Building blocks for an effective and flexible trust

Theresa Marx

August 16, 2021

What should a grantor consider when creating a trust?

Historically, high federal gift and generation-skipping transfer tax exemptions may make large gifts into trusts seem like a good idea. But it is not as simple as just deciding to make a gift. In fact, there are many considerations that go in to designing an effective trust, and clients often wonder where to start. Below are the building blocks that often go into designing a trust that works for both the client and the client’s family—today and in the future. 


1. Access

Once a client decides to make a gift in trust, the next question often relates to access—both the grantor’s ability to access the funds later, and the appropriate access for the beneficiaries. For the grantor, it is often a question of future financial needs and whether the assets that remain after the gift will be sufficient to cover those needs. While one can never be sure of the future, a financial plan that analyzes the grantor’s assets, cash flow needs and goals can help the grantor determine the appropriate amount to give.

Even with a solid financial plan to help determine the amount of the gift, some clients may still be concerned about needing those gifted assets in the future. A strategy that allows the grantor indirect access to those assets if needed is a Spousal Lifetime Access Trust (SLAT). A SLAT is a type of irrevocable trust that includes the grantor’s spouse as a beneficiary and, therefore, allows the married couple to retain access to the trust’s assets through the ability of the grantor’s spouse to receive trust distributions.

The next step in building the trust is to decide how much access the beneficiaries should have. This is typically done through the use of distribution standards, which can be as narrow or broad as the grantor chooses. Some distribution standards often used in trusts—either alone or together—include:

  • Emergencies
  • Health
  • Education
  • Maintenance and support
  • Comfort
  • Best interests

For those grantors who do not want some or all of their beneficiaries to have access to, or knowledge of, the trust, a Delaware trust may be appropriate. Under Delaware law, the grantor can change the traditional rule that a beneficiary must be informed of a trust and instead provide for a “quiet” trust, which can include the following terms:

  • The grantor can direct trustees to not inform a beneficiary of his or her interest in the trust for a period of time specified in the trust document.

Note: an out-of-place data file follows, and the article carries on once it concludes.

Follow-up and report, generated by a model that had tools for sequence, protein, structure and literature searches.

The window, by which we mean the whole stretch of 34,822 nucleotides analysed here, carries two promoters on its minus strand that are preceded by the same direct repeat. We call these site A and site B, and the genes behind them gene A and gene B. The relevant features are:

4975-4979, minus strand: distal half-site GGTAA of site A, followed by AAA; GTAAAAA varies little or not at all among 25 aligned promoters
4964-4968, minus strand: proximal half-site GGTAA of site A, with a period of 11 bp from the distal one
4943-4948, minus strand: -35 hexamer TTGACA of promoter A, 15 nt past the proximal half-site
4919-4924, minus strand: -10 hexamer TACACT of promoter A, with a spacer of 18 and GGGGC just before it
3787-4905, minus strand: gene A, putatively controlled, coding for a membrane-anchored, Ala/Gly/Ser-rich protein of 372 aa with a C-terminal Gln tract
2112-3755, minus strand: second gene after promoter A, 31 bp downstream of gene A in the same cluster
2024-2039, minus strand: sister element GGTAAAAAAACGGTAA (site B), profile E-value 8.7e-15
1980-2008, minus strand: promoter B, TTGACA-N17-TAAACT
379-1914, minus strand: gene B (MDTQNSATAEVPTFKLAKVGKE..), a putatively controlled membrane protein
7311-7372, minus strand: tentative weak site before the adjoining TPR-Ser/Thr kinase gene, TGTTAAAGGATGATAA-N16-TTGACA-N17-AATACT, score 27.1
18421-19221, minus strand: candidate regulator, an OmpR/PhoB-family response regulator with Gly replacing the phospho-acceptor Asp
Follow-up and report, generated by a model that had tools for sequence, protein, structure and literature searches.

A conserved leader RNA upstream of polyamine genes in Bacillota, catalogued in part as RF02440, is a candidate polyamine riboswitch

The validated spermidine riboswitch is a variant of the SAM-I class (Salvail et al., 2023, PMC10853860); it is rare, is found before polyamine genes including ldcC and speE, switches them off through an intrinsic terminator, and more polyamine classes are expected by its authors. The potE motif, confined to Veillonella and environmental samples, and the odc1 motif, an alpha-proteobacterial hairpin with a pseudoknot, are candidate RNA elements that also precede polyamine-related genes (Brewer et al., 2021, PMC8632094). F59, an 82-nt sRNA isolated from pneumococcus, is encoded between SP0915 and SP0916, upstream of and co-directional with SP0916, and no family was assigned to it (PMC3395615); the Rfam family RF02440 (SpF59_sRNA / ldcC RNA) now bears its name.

• The grantor can specify the age or time at which the beneficiary should be informed of the trust.

2. Control

Once the appropriate access is decided, the next decision is generally who will implement the grantor’s wishes. The trustee of a trust is responsible for administering the trust in accordance with the trust document. The trustee has many responsibilities, including investing the trust assets and making distributions. Some of the skills a trustee should have include technical knowledge, sound judgment and the ability to deal with all beneficiaries.

There are many factors that should be considered before selecting a trustee, such as the size of the trust, the purpose of the trust, the duration of the trust, the location of beneficiaries and the tax ramifications. Options for who may act as trustee include the following:

  • Family member, including a trust beneficiary
  • Friend
  • Lawyer or accountant
  • Professional or corporate trustee

Each of these options should be considered in light of the many factors noted above, as well as the responsibilities and skills of a trustee. For example, while a family member might be familiar with the beneficiaries, an institution with substantial fiduciary experience offers the expertise, objectivity and permanence that individual trustees often cannot provide. The grantor can also name multiple trustees who meet the grantor’s goals and have the desired skills. For example, a family member and a professional trustee may serve together.